However, as a dedicated reflective learner I have cause to wonder if there are times in which deep, reflective thinking can stifle progress. It is through that wondering that I found a possible connection between reflection in learning and leadership, and tact.

In his Article, “Reflection in Education: A Kantian Epistemology” Henk Procee points out that Van Manen shakes up thinking about reflection by brining in the idea of tact and pointing to the following three related components:

“1. A highly developed sensitivity to situations and persons; 2) a well-cultivated capacity to combine heterogeneous aspects, without having explicit rules for doing so; and 3) the unique role of the individual involved in this process.”

In other words, if you buy into that tact plays a potentially contrary role to reflection in learning and leadership, even only in certain discernable instances, you might consider listening rather than speaking, seeking to understand others well enough to at least consider the lenses through which they see the world (and their pathways within it), and to always recognize the splendor and value you know exists in the multitude of beautiful weeds that spring up around us as reminders of what our eyes are capable of beholding if only we would let them.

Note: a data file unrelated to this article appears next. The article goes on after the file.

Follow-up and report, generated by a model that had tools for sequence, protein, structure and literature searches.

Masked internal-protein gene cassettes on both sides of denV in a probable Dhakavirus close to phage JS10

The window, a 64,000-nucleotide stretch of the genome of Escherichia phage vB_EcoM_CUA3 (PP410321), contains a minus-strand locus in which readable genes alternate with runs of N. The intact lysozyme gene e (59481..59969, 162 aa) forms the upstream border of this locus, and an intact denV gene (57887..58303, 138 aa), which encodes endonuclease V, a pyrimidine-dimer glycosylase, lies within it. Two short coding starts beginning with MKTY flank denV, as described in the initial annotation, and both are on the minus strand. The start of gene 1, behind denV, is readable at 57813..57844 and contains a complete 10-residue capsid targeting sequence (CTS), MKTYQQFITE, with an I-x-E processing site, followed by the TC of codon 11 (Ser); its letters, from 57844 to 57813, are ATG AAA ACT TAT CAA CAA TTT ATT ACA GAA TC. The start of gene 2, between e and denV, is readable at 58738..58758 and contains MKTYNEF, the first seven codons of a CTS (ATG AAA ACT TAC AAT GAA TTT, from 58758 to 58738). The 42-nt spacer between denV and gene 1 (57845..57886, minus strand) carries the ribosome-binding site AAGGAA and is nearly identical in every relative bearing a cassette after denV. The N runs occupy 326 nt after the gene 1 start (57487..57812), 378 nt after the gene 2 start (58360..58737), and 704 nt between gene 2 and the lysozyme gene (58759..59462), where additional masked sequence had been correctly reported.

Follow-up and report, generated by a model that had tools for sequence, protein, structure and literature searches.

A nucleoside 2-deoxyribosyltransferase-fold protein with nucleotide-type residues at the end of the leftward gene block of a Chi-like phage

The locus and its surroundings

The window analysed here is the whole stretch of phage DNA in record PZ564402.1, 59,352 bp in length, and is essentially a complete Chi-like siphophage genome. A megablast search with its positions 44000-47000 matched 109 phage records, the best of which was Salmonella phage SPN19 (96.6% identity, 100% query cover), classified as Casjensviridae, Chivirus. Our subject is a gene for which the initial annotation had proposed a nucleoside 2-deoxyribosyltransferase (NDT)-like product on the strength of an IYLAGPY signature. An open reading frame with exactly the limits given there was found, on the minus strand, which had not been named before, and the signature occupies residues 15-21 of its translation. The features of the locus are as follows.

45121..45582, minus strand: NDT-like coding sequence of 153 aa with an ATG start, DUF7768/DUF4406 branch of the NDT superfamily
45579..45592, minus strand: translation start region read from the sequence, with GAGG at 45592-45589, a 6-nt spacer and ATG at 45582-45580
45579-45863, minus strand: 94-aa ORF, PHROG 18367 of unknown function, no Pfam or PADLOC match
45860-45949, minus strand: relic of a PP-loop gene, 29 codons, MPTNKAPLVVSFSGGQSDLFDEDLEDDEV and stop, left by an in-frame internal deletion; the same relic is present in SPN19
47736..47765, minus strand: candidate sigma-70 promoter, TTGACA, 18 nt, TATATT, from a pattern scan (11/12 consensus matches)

In other, other words, there might be time in which we’ve already reflected enough to simply trust ourselves and act.

Live. Love. Listen. Learn. Lead. Thanks.

Hi Potential, Nice to Meet (and Exceed) You: Considering A New Potential Paradigm

I say that it’s our job (parents and educators) to help the children we serve meet and exceed their potential.  You might ask, “How is that possible?”  If you’re a regular Berg’s Eye View reader you know that I believe in limitless possibilities.  In fact, if you are a regular reader, you probably do to.  Through a traditional lens the word potential implies an end.  It represents a thing that we can achieve when we achieve everything we can.  It suggests that there’s a highest peak and a grand finale.  I don’t think there is.